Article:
One of the most famous subjects of variations in the 17th and 18th centuries was 'La Follia'. Corelli's opus 5 ends with a series of variations on La Follia, and Geminiani's arrangement is played here as it was written, without the participation of a recorder. In addition to the four complete sonatas or 'concertos' one single movement from Corelli's Sonata No. 5 is played, the 'gigg', another favourite piece at the time. Here Steger makes use of arrangements by a certain Sigr. Cateni - about whom apparently nothing is known - and by the English recorder player Robert Valentine, who for most part of his life lived and worked in Rome and Naples.

The disc ends with a rather mysterious piece, a ground which is based upon the theme of the sarabande of Corelli's Sonata No. 7. Maurice Steger thinks it could have been written by Johann Mattheson, the German theorist and composer, who was also an admirer of Corelli and has visited London. The ground begins as a piece for recorder and basso continuo, but halfway a solo harpsichord comes in. The treble part was originally written for violin, as are some of the other arrangements. But playing violin music on the recorder was a quite common practice at the time.

This is a very interesting disc which delivers a considerable addition to our knowledge of the popularity and dissemination of Corelli's oeuvre through Europe. The performances are generally excellent, and in particular Maurice Steger is impressive in his performances of the recorder parts. The way he realises the arrangement by Blavet is quite astonishing. The English Concert does well and plays much better than I have heard it play in some previous recordings. Only in the Concerto grosso after Corelli's La Follia the use of dynamics is a little questionable now and then.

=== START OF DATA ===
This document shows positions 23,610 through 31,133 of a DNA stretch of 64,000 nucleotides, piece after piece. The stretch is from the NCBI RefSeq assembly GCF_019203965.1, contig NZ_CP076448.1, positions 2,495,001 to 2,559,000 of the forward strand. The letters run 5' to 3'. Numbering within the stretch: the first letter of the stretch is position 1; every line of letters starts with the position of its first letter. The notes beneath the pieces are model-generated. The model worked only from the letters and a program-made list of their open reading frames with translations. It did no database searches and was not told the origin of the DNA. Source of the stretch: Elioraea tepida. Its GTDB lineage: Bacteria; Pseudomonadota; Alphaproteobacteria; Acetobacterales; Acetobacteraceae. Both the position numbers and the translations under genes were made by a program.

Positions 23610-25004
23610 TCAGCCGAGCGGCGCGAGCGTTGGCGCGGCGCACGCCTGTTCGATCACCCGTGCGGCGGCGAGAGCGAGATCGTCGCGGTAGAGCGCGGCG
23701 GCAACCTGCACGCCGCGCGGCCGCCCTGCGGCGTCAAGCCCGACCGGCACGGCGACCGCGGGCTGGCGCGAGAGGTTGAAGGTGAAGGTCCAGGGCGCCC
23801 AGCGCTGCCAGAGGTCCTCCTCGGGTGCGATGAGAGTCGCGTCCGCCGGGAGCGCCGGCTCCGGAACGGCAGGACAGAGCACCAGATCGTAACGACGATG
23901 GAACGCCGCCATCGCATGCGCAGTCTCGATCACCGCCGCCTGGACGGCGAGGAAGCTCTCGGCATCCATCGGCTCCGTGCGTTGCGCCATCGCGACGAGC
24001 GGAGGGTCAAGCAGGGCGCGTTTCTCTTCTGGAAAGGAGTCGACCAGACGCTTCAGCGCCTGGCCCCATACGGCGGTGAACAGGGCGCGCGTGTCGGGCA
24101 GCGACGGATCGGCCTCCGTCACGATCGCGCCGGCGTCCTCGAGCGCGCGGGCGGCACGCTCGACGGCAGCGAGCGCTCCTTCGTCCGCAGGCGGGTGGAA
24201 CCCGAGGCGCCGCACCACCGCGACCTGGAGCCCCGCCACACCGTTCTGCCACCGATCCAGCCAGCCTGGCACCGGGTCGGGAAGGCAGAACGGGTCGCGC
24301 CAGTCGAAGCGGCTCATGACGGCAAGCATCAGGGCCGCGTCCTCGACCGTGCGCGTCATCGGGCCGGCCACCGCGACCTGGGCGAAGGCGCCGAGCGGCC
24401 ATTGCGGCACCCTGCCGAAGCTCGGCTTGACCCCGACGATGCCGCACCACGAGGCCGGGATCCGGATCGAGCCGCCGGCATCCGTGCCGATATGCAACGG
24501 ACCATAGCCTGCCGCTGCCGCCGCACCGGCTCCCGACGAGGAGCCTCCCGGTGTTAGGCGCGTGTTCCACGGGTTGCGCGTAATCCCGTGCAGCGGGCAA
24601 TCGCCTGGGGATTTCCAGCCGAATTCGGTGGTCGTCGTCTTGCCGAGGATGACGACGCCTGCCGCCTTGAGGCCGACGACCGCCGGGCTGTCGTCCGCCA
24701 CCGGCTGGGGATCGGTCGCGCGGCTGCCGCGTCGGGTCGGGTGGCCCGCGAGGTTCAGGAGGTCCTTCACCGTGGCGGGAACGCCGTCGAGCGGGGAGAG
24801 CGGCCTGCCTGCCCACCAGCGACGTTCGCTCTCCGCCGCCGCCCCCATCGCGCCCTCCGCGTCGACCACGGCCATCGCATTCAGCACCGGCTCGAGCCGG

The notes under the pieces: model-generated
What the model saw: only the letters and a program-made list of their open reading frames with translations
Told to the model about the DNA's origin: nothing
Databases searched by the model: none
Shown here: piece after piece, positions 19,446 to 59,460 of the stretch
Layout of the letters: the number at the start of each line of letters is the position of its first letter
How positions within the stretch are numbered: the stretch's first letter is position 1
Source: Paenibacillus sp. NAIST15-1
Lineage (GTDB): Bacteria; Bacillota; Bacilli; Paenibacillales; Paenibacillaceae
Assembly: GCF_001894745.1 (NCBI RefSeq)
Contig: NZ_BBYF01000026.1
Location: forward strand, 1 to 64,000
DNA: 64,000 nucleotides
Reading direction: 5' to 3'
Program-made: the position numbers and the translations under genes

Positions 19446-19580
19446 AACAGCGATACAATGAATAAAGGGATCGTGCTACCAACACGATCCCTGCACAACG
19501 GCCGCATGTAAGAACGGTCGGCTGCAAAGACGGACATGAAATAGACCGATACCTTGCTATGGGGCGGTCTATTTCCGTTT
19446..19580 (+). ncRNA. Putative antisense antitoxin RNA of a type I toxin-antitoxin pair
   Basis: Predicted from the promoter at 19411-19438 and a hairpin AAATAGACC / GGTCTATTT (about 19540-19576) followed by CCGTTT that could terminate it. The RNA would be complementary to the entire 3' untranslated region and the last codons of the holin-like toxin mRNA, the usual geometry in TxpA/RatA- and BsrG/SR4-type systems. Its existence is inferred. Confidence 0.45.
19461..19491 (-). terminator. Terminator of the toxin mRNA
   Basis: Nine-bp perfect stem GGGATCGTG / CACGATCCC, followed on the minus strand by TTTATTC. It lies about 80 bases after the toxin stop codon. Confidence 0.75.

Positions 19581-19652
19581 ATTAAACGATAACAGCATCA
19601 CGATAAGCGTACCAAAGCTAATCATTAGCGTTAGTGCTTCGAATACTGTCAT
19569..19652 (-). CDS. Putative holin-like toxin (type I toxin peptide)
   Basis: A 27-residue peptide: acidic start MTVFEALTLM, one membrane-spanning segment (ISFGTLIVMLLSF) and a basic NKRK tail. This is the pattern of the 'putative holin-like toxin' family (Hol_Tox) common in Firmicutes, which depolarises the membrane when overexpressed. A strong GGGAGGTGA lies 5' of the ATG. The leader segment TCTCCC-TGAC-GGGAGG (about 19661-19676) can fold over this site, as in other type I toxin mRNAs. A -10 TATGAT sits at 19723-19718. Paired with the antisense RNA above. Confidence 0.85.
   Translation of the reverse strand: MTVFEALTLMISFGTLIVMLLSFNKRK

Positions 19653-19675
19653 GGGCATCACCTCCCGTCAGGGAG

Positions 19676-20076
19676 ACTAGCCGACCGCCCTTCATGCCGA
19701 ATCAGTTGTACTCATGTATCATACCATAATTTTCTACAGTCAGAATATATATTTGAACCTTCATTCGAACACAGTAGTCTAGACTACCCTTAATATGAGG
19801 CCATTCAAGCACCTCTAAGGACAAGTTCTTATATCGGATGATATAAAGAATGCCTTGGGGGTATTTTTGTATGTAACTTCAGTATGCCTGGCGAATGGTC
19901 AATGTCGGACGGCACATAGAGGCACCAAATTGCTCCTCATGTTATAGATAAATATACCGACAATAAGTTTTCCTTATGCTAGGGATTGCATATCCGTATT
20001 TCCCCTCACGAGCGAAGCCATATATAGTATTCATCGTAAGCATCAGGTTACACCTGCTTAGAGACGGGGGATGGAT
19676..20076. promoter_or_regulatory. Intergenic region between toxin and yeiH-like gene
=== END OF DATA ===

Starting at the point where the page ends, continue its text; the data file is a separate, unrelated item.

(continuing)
The booklet contains programme notes as well as a list of the sources of the music on this disc. The members of the English Concert are listed with a specification of the instruments they play. This deserves much applause. It has to be noted that the titles of the 'concerti' are not historical, but invented for this disc. I don't know about the titles of the other two pieces.

To sum it up: this is an exciting disc, not just for recorder aficionados.

Johan van Veen ( 2010)

Relevant links:

Maurice Steger
The English Concert